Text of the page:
Intellectual Property, Smart & Biggar updates


Contributed by Smart & Biggar
Do you actually own the intellectual property generated by your employees?
  • Canada
  • 26 April 2021

Employees are the source of some of their employer's most valuable intangible assets – namely, IP assets. For this reason, it is usually in a business's best interest to ensure its ownership of IP assets generated by employees. The rules that apply to employer-employee relationships vary greatly between copyright, patents and industrial designs. Thus, any business with employees should be aware of these unique rules.

Federal Court of Appeal upholds Federal Court decision finding Shire's VYVANSE patent valid
  • Canada
  • 19 April 2021

The Federal Court of Appeal has dismissed Apotex's appeal of the Federal Court decision which held that the claims of Canadian Patent 2,527,646 were valid and prohibited the minister of health from issuing a notice of compliance to Apotex for its lisdexamfetamine product (Shire's VYVANSE) until the patent's expiry. The prohibition application was consolidated with Apotex's action seeking a declaration of invalidity and non-infringement.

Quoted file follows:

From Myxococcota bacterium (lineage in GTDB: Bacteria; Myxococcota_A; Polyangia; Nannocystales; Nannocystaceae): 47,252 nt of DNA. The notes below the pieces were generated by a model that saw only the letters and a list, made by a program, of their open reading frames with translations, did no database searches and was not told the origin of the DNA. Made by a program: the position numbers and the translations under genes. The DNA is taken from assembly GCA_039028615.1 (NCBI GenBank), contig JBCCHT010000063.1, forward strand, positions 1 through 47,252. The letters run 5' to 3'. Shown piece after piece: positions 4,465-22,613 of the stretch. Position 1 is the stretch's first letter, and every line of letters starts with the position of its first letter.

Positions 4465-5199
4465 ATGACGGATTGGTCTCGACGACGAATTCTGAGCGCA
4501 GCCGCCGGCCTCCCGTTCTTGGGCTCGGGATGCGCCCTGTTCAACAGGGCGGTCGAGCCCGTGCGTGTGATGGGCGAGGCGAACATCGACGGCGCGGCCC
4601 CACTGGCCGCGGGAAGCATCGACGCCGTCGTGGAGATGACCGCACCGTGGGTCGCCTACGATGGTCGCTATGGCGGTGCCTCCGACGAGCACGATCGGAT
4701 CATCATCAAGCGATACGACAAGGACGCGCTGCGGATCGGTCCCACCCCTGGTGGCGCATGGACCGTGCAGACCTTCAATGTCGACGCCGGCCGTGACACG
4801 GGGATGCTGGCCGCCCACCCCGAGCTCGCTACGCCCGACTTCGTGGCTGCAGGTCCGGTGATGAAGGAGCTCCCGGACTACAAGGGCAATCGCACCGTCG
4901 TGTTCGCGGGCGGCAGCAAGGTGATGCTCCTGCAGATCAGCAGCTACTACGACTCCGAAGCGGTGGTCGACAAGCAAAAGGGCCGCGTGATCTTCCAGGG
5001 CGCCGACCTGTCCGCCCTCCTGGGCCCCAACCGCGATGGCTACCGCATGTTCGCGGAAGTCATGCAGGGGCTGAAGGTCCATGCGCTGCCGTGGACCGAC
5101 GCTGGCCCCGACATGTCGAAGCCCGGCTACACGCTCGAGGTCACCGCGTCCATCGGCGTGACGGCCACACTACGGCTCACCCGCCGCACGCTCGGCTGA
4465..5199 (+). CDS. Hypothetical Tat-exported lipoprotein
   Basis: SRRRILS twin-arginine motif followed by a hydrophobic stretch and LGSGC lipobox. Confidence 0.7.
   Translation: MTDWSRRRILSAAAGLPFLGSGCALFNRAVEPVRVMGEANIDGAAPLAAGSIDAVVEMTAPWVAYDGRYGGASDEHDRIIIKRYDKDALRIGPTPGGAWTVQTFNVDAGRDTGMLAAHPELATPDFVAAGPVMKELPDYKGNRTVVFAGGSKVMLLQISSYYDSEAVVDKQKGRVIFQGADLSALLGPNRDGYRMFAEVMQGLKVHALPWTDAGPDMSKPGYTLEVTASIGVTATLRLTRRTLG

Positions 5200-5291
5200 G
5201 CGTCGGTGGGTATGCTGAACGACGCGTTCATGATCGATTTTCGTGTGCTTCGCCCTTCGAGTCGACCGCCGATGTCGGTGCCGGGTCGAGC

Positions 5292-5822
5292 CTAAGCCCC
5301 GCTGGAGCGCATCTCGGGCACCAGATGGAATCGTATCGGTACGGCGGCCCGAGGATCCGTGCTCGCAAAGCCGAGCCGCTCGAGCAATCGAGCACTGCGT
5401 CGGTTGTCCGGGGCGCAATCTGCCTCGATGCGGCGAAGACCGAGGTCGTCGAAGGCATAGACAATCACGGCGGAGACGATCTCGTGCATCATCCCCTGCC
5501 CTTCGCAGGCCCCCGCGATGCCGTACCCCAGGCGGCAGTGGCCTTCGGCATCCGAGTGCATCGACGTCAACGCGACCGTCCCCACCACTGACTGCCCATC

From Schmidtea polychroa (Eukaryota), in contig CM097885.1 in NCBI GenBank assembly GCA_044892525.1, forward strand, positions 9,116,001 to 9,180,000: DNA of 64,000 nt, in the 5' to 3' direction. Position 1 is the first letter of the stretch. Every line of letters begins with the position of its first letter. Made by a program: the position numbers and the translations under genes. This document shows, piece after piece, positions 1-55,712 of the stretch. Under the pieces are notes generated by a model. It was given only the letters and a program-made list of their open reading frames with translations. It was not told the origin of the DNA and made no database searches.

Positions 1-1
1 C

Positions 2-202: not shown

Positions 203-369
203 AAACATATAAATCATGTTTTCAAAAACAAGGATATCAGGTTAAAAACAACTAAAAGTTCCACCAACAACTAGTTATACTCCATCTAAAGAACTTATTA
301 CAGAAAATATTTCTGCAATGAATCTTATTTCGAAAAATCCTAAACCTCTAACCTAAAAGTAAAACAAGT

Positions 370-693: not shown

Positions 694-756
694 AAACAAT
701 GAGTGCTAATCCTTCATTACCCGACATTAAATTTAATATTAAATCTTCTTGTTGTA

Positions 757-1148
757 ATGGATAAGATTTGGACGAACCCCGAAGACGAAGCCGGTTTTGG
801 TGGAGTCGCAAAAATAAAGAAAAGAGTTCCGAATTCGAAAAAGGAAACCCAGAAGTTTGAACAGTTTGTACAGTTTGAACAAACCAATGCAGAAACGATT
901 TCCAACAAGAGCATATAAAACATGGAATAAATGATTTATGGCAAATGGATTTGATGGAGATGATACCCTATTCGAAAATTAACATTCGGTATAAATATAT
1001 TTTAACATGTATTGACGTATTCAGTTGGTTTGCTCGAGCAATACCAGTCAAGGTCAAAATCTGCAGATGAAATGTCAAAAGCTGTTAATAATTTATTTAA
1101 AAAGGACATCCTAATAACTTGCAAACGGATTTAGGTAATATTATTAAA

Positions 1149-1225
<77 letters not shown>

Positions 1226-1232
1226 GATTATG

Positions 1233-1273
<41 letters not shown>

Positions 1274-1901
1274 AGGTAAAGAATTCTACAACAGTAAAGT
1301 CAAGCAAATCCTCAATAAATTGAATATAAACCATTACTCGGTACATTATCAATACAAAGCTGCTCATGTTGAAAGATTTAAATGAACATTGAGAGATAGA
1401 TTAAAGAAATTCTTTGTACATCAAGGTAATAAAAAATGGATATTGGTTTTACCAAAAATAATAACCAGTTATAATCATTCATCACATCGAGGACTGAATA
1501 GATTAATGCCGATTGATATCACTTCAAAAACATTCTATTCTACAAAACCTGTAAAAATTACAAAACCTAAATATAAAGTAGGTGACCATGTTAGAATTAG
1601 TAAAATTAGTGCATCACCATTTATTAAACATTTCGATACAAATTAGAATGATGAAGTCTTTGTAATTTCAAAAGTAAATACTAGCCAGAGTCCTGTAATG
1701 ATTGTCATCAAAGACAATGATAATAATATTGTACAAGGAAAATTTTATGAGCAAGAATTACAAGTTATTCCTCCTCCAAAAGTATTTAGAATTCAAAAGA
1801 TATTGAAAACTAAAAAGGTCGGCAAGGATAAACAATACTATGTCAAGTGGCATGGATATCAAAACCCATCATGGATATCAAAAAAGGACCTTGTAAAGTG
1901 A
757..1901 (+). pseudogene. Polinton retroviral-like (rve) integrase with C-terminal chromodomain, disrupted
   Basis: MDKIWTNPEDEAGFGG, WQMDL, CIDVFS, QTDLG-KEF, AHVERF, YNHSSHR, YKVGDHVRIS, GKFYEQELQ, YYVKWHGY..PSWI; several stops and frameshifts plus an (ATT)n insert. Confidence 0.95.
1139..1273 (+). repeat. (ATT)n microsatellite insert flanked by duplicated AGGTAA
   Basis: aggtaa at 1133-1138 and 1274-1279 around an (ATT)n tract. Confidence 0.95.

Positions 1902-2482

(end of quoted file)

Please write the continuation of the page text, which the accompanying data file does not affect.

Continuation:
No more chasing rainbows: advantages of black and white when filing Canadian trademark applications
  • Canada
  • 12 April 2021

Some foreign brand owners may be surprised to learn that in Canada, when seeking to protect design (or figurative) marks, it is sometimes better to register marks in black and white in cases where the marks would normally be displayed in colour. Moreover, broader protection can typically be secured in Canada by registering design (or figurative) marks in black and white as opposed to including a colour claim.

Patentability of diagnostic methods – has the Patent Office drawn the line?
  • Canada
  • 05 April 2021

IP offices have long grappled with whether a medical diagnostic constitutes a traditionally patentable concrete or physical method or instead is merely an unpatentable and intangible abstract idea. Although a new diagnostic tool is typically embodied in a physical device or method, the principal advance often lies in the recognition of a previously unknown correlation. New guidance from the Patent Office is a welcome step forward in this difficult area.

CIPO broadens list of acceptable telephone amendments in trademark prosecution
  • Canada
  • 22 March 2021

In May 2020 the Canadian Intellectual Property Office (CIPO) began an initiative to accept telephone amendments for simple prosecution issues. Considering the initiative's success in helping CIPO to improve efficiency and reduce its backlog, it has decided to expand the list of issues for which telephone amendments are acceptable.

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